/an'ti his"teuh meen', -min/, n. Biochem., Pharm.any of certain compounds or medicines that neutralize or inhibit the effect of histamine in the body, used chiefly in the treatment of allergic disorders and colds.[1930-35; ANTI- + HISTAMINE]
* * *Synthetic drug that counteracts the effects of released histamine in the body.Antihistamines compete with histamine at one of the three types of histamine receptors, preventing allergic attacks (see allergy) or inflammation. Some antihistamines also prevent motion sickness and vertigo. Drowsiness is a frequent side effect. H2 antihistamines, which bind to the second receptor type, are used to control gastric-acid secretion (see stomach) and treat peptic ulcers.
* * *▪ drugany of a group of synthetic drugs that selectively counteract the pharmacological effects of histamine (q.v.), following its release from certain large cells (mast cells) within the body. Antihistamines replace histamine at one or the other of the two receptor sites at which it becomes bound to various susceptible tissues, thereby preventing histamine-triggered reactions under such conditions as stress, inflammation, and allergy.The antihistamines that were the first to be introduced are ones that bind at the so-called H1 receptor sites; they are therefore designated H1-blocking agents and oppose selectively all the pharmacological effects of histamine except those on gastric secretion. The development of these antihistamines dates from about 1937, when French researchers discovered compounds that protected animals against both the lethal effects of histamine and those of anaphylactic shock. The first antihistamines were derivatives of ethylamine; aniline-type compounds, tested later and found to be more potent, were too toxic for clinical use. In 1942, the forerunner of most modern antihistamines (an aniline derivative called Antergan) was discovered; subsequently, compounds that were more potent, more specific, and less toxic were prepared. More than 100 antihistaminic compounds soon became available for treating patients.Since histamine is involved in the production of some symptoms of allergy and anaphylaxis, antihistamines can control certain allergic conditions, among them hay fever and seasonal rhinitis; the nasal irritation and watery discharge are most readily relieved. Persons with urticaria, edema, itching, and certain sensitivity reactions respond well. Antihistamines are not usually beneficial in treating the common cold and asthma. Antihistamines with powerful antiemetic properties are used in the treatment of motion sickness and vomiting. Used in sufficiently large doses, nearly all antihistamines produce undesirable side effects; the incidence and severity of the side effects depend both on the patient and on the properties of the specific drug. The most common side effect in adults is drowsiness. Other side effects include gastrointestinal irritation, headache, blurred vision, and dryness of the mouth. If a patient's condition does not improve after three days of treatment with antihistamines, it is unlikely that he will benefit from them. Antihistamines are readily absorbed from the alimentary tract, and most are rendered inactive by monoamine oxidase enzymes in the liver.During the 1970s an H2-blocking agent, cimetidine (Tagamet) was introduced. Compounds of this class suppress histamine-induced gastric secretion and have proved extremely useful in treating gastric and duodenal ulcers.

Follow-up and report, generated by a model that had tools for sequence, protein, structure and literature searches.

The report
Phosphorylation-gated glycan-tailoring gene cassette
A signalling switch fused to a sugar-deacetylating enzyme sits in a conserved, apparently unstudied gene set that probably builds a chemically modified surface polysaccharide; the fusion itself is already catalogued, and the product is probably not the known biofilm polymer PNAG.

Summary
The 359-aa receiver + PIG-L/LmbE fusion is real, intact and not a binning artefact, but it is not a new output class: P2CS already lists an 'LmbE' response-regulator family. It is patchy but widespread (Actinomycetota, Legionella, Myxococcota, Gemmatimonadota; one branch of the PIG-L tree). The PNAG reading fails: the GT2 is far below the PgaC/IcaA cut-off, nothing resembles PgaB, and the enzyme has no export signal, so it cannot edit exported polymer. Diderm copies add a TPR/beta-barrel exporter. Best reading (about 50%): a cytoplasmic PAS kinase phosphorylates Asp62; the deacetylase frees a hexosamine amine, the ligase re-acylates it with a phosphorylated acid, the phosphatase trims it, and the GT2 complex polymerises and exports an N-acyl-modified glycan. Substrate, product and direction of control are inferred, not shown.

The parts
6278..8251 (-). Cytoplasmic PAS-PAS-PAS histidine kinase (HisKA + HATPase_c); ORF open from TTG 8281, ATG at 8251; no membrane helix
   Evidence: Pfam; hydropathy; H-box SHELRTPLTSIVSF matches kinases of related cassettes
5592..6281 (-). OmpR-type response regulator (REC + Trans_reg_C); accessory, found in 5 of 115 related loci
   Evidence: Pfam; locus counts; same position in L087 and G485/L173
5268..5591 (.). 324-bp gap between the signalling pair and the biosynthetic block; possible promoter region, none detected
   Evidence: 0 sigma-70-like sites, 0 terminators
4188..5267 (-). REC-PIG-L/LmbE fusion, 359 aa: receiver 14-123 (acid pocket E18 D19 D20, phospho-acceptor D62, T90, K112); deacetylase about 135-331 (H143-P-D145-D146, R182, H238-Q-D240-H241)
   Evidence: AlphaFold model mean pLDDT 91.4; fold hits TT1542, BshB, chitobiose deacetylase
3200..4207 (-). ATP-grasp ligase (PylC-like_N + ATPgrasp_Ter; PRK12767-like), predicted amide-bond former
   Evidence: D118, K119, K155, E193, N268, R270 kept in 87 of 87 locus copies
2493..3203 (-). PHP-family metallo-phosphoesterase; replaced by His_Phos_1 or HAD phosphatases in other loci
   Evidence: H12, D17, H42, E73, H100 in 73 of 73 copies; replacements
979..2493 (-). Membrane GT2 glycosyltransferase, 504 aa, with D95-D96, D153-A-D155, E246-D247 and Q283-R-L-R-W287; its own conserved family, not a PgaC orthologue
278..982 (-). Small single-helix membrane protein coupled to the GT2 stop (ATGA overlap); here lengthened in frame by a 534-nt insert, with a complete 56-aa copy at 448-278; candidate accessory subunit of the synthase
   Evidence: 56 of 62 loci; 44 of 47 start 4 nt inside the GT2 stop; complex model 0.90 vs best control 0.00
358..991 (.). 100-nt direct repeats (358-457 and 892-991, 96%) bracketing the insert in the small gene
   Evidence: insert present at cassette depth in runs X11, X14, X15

* * *